Editor’s Note: We recently invited Dr. Mark Tietjen to contribute a series of articles on Søren Kierkegaard, to celebrate the soon-to-be released 26-volume Kierkegaard’s Writings on the Logos Digital Library. This is a monumental occasion, given that it has taken 50 years for Kierkegaard’s entire corpus of writings to be translated into English. In this first essay, Tietjen writes with graceful prose and keen insight into the meaning and implications of one of Kierkegaard’s most famous (and misused) ideas: the “leap of faith.”
A sense of liberation, an open invitation, a joy-giving adventure—these phrases describe my response to an idea my college mentor, the late Dr. Daniel Goodman, pitched to those listening to him in chapel sometime in the mid-1990s at Palm Beach Atlantic University, then College. The idea was drawn from an image found on his office wall. A beloved New Testament professor, Dr. Goodman described a cross that hung on his wall and something that hung on the cross: a tassel from his doctoral graduation cap. Dr. Goodman intended the image to convey a way of thinking about faith and about academic inquiry where those two pursuits were conceived as compatible and consistent forms of thoughtfulness about the world and our place in it.
That image primed me for falling in love with the intellectually rigorous and faithful thought of Søren Kierkegaard. In this and other blogs to follow, I hope to point to a few places where Kierkegaard does the very helpful work of challenging not simply our minds to contemplate the divine or some doctrine about the divine, but rather challenges our whole being to faithful Christian existence. Much like St. Augustine, Kierkegaard—perhaps through personal experience—recognizes the seductive lure of a kind of self-deception unique to the academic mindset, the practice of endless theorizing or philosophizing that keeps personal response, application, and obedience at bay. As I have discovered myself, reading Kierkegaard in the right way (what Kierkegaard scholars often spend most of their time fighting about) can be an experiment in a kind of self-imposed pain common to sanctification since Kierkegaard’s hope, as he puts it, is to make it difficult to be a Christian, though no more difficult than it actually is.
The way I wish to get at the challenges that Kierkegaard poses to his reader, to you and to me, comes through a set of ideas, phrases, epithets one thinks of when Kierkegaard’s name is invoked at a dinner party or during a freshman philosophy class. These would include things like “leap of faith,” “subjective truth,” or “father of existentialism.” I will argue that these and other terms are often misapplied when described of Kierkegaard or, in the least, misunderstood when properly applied.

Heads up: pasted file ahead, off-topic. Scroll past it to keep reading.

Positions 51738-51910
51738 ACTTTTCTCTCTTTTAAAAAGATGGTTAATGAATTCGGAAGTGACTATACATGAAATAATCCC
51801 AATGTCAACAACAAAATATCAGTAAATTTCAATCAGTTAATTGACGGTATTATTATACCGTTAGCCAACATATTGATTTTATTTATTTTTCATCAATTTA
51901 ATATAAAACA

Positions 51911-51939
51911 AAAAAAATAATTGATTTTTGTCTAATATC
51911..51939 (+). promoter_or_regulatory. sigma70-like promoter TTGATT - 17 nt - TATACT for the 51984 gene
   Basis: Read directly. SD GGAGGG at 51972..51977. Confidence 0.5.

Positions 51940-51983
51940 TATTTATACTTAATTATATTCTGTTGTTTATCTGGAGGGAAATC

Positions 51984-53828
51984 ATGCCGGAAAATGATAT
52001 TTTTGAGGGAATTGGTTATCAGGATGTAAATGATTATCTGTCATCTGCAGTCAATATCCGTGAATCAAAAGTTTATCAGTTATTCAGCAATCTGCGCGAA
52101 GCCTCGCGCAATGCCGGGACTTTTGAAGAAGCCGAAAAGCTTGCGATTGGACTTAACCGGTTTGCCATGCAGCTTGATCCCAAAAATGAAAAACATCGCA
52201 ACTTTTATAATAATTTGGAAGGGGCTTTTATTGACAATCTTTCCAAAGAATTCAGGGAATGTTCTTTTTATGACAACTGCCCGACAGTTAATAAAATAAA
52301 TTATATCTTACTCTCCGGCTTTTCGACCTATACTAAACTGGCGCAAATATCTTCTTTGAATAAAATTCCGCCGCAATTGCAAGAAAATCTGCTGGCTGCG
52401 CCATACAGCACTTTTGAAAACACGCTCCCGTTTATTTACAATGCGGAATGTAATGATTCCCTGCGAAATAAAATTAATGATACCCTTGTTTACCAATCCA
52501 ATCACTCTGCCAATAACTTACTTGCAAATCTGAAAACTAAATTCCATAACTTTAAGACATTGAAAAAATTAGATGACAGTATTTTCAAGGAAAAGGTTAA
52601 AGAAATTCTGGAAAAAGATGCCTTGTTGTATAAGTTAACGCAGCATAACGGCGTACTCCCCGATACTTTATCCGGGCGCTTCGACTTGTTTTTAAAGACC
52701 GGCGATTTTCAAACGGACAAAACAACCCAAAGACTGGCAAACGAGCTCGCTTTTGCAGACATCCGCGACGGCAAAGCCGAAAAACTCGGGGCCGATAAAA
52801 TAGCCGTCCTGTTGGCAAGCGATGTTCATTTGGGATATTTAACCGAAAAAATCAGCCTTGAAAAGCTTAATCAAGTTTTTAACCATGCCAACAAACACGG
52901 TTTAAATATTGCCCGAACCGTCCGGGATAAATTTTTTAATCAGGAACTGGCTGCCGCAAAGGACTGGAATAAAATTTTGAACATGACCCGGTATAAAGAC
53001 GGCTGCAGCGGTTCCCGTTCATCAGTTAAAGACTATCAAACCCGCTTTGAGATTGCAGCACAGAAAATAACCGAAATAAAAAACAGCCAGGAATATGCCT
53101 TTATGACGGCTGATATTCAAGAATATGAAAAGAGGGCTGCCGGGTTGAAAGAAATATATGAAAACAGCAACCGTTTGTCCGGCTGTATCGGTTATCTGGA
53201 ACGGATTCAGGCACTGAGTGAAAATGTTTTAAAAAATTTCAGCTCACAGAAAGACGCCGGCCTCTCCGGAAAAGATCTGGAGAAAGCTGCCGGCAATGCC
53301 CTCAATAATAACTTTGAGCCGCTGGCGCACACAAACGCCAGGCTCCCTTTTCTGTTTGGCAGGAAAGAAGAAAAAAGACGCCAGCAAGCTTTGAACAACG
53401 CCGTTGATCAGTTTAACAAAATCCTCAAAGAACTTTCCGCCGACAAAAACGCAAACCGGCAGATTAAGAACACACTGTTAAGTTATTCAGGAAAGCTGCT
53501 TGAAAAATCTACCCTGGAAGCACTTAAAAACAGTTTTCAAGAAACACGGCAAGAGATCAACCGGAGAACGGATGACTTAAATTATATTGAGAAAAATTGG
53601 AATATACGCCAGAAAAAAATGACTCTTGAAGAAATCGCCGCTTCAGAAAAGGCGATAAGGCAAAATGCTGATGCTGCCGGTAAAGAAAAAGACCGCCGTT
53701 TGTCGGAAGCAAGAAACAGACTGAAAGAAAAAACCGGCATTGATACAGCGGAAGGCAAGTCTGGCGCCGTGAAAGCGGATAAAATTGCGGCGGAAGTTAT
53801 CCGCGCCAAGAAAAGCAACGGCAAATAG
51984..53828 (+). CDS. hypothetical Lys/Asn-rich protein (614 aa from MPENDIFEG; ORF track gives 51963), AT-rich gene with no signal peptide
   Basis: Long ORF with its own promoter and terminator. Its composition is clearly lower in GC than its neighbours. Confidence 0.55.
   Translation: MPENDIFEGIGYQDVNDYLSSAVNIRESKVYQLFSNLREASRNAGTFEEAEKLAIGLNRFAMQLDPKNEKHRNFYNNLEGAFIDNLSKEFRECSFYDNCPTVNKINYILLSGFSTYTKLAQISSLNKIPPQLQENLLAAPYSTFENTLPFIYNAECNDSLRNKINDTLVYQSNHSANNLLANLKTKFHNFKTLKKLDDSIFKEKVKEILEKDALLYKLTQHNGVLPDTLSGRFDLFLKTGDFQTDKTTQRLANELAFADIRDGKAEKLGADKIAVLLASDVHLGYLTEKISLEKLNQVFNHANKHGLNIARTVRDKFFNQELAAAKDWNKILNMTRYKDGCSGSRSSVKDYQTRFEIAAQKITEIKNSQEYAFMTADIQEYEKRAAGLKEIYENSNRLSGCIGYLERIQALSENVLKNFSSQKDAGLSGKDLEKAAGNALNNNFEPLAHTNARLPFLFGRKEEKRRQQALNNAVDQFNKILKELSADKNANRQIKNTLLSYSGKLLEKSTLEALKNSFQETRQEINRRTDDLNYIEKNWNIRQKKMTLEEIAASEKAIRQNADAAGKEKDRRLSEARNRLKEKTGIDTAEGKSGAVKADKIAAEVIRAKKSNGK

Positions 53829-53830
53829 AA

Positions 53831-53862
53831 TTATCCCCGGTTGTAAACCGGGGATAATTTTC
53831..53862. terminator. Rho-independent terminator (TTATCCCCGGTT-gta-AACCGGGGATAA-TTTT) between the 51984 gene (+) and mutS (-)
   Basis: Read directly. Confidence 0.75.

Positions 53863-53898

The Leap of Faith
Let’s begin with the idea of the leap of faith. It might be useful to start with a simple fact, which is that Kierkegaard never uses this phrase in his published writings. This is remarkable since ‘leap of faith’ is the phrase with which he is most associated. The obvious connotation of this phrase is that religious faith is a blind leap, a close-your-eyes kind of moment or series of moments where, in the face of insufficient evidence, you somehow trust God with your life anyway. Both lay philosophers who’ve published on Kierkegaard and professional philosophers including, most notably, Alasdair MacIntyre, have run with the idea that Kierkegaard is an enemy of reason, that with him we begin a descent into an utter mistrust of rational capacities which leaves religion a choice that can only be made in spite of good reason, not according to it.
Of course there is no question that some if not many religious people hold to their faith in ways others might describe as blind, irrational, and therefore irresponsible, whether believing simply because it’s what you do if you belong to a certain culture, or whether believing with a mistrustful eye toward the intellectual life –very often the claims of modern science. But it’s less clear that all religious beliefs are or need to be held this way; both the western university and modern science emerged in cultures rooted in rigorously intellectual religious faith.